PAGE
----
“Start small, then let it gain momentum,” is the advice Sarah Tucker would give someone starting a school garden. Although this mama is currently focusing her attention elsewhere (namely, on her baby boy and her own wedding business), she has a wealth of knowledge about school gardens from her time teaching at an inner-city school in St. Petersburg, Florida. Sarah took a moment from her busy schedule to share her experience and show us how persistence can take students from veggie-haters to healthy eaters.
Tell us about your background with science and child health. What made you decide to start a school garden?
Right out of college, I taught high school health at an inner-city school. I’ve always been a health nut and I was truly horrified by my students’ choices in food! Surprisingly, it’s not just an inner-city problem. I also taught at the University of Mississippi where my students’ menus were no different.
I dove into researching all about edible schoolyards in 2008 when I watched a documentary on Alice Waters. I was earning my masters in health promotion when I got the chance of a lifetime. I discovered a dedicated college professor doing almost exactly what Alice Waters was doing in California, but right around the block in St. Petersburg, Florida! I contacted Kip, the college professor, and inquired about a graduate internship with him. He was thrilled and so was I! It was a perfect match.
As a volunteer, how did you expand the learning opportunities in and outside of the garden?
Initially, the garden only incorporated science lessons, being that it fits within the curriculum Florida states allow. I expanded it into the kitchen where the students literally picked, cooked, and ate the fruits and vegetables they had grown in the garden.
What was your experience working with teachers, students, and parents?
My experience was truly amazing. The school is an incredible community.
How did you introduce the topic of soil health and nutrients to your students?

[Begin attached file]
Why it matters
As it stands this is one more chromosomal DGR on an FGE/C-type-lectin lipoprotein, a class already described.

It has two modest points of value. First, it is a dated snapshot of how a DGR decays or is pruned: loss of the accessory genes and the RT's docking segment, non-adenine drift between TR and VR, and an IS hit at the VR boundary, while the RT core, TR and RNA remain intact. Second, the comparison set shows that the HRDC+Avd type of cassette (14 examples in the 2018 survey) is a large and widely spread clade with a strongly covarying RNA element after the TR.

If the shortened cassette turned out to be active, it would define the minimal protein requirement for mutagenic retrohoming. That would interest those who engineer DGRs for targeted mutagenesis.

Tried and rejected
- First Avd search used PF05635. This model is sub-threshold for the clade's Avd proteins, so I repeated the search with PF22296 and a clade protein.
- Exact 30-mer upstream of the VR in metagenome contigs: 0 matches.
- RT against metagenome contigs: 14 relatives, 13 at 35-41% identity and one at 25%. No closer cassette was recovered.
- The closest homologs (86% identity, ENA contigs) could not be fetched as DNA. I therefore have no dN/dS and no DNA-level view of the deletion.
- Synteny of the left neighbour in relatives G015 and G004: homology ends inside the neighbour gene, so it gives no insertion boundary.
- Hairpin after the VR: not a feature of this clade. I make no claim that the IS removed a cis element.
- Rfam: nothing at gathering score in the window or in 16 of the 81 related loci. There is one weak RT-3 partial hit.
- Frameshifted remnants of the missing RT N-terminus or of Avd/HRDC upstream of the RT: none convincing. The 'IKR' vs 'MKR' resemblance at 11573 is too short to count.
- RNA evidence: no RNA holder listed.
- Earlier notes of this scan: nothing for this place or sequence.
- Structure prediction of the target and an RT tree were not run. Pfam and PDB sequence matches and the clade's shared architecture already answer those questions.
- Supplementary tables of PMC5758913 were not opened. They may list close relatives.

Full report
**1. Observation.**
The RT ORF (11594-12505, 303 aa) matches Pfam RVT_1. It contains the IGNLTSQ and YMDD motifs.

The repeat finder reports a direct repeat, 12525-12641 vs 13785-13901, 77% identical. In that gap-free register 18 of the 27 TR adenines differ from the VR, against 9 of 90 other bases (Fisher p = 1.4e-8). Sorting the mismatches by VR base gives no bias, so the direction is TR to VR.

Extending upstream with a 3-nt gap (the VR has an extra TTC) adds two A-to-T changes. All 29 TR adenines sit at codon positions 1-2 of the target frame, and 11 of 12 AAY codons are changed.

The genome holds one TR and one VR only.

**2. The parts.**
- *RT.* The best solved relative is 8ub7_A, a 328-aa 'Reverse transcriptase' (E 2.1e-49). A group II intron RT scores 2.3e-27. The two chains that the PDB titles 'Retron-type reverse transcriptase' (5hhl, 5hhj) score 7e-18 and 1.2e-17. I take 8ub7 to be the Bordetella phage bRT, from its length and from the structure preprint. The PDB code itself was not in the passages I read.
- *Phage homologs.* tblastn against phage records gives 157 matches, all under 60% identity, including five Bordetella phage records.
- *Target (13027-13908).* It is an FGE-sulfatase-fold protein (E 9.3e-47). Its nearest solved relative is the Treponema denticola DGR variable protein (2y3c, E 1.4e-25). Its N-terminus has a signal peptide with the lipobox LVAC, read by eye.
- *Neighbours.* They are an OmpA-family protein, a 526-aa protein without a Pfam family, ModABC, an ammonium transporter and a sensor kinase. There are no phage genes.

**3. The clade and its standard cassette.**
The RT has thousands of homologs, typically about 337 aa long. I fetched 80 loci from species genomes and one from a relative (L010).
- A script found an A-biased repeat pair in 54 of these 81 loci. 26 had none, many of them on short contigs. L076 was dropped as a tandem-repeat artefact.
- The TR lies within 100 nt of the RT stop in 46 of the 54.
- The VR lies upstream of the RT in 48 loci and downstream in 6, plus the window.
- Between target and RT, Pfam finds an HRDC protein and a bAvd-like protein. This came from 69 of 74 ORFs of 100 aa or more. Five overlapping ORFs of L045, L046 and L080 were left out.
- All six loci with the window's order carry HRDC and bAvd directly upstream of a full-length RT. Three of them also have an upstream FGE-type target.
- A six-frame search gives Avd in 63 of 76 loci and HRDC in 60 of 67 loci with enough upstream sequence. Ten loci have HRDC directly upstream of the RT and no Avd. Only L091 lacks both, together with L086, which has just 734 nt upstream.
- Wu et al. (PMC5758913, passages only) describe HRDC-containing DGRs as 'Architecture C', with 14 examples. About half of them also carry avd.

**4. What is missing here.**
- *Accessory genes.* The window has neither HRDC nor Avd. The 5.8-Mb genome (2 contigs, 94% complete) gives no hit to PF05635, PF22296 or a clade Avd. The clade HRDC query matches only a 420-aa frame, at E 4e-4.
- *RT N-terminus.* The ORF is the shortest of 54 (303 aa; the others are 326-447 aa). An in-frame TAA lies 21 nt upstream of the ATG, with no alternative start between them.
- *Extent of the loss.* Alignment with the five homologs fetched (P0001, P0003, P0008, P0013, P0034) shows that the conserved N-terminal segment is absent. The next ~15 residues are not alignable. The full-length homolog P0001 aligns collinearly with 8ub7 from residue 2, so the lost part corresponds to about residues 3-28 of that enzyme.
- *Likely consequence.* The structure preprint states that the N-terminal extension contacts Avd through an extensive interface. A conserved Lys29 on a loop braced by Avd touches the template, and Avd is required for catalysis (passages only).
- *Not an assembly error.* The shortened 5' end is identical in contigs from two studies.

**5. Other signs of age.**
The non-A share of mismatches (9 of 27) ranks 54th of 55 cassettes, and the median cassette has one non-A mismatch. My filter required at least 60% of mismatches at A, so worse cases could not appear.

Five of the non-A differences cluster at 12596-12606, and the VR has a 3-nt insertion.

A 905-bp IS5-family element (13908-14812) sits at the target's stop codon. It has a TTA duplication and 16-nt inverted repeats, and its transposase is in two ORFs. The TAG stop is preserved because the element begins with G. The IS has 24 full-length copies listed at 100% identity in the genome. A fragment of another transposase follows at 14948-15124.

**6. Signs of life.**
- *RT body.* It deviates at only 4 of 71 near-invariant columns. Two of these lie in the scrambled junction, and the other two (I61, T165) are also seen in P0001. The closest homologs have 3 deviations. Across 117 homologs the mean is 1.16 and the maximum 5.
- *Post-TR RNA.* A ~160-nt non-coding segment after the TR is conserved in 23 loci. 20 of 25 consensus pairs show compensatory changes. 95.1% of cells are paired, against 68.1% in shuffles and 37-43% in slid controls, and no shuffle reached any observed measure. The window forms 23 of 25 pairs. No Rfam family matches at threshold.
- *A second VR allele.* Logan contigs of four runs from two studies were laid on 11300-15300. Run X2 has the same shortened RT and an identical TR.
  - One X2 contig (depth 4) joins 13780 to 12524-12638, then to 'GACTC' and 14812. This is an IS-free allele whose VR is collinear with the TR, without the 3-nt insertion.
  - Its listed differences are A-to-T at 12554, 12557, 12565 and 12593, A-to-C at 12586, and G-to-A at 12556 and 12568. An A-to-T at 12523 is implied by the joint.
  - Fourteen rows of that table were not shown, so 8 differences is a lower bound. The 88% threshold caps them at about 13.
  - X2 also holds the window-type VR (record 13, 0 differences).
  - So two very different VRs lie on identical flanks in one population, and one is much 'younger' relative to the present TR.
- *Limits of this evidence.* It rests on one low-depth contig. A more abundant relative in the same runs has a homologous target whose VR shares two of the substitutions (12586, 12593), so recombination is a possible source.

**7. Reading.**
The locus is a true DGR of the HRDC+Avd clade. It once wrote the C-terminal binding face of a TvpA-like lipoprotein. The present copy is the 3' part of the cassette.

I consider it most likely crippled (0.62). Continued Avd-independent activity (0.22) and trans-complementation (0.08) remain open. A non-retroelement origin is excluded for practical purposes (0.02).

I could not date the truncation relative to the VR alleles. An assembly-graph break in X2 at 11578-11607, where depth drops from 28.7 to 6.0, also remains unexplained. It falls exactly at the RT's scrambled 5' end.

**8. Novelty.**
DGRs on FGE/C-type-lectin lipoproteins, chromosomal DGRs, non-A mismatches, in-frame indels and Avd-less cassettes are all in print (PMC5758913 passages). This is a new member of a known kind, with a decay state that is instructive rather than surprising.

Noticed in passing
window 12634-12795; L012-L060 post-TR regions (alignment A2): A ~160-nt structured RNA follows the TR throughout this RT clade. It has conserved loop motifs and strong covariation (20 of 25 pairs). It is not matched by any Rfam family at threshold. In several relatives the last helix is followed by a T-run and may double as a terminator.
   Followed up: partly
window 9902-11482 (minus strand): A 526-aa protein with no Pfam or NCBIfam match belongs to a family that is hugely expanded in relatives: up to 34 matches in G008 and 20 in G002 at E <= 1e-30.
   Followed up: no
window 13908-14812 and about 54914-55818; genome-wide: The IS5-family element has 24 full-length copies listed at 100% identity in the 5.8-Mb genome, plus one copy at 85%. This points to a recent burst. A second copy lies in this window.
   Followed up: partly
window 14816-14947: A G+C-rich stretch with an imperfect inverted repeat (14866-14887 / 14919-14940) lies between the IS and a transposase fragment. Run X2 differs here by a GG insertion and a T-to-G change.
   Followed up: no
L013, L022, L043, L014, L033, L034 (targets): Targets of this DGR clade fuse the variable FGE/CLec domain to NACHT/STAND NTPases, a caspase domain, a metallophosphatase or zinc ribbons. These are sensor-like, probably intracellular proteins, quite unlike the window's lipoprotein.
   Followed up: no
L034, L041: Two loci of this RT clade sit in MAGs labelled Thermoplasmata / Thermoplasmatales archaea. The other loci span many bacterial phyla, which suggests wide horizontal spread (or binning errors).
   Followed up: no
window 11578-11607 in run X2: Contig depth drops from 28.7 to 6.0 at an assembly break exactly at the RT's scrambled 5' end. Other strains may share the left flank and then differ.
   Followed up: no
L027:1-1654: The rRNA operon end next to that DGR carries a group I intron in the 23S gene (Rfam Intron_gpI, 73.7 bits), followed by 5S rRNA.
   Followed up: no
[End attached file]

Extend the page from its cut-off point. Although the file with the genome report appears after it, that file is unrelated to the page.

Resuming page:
We had an entire lesson day devoted to compost. The kids helped turn it, see what was in it, what should go in compost, and then they got to see how healthy the soil was with compost. We compared the soil with compost to the soil out in the school field. The soil in the field was mostly sand – we’re in Florida, after all!
What were the biggest difficulties with your school garden?
It’s amazing how much work it takes to keep a working farm going. It really required so much team work and effort. But, luckily, the volunteers, students, and teachers all chipped in! A school garden is definitely a commitment, but so worth it!
How did you see the students change as they spent time in the garden?
Kids are so amazing, I was inspired by them every day. Watching them go from thinking a vegetable was gross to then growing, cooking, and eating veggies… and eventually really enjoying them was incredible! The experience transformed their way of thinking about fruits and vegetables.
What was the greatest moment for you as a volunteer in the garden?
The greatest moments were when kids would ask for seconds and even thirds of Kale chips! It was fantastic when I saw the kale chips be cooked and offered during lunch time in the cafeteria.
What would you advise to anyone hoping to start a garden or become involved with a garden at their local school?
Start small, and let it gain momentum. People will become interested and offer help, let them! Then you can grow and expand.
With a baby and your own business, Sarah Tucker Events, you are one very busy lady! How do you stay connected to your passion of children eating healthy?
I’d love to be able to volunteer right now, but nothing is as important as my own child for the time being. I am now feeding him solid food and I’m enjoying the opportunity to cook for him. It is my goal to have a well-rounded eater, and a vegetable lover! I hope to volunteer once my baby is in elementary school.
Keep up with Sarah here!
If you or someone you know has been a part of a school garden, please email firstname.lastname@example.org!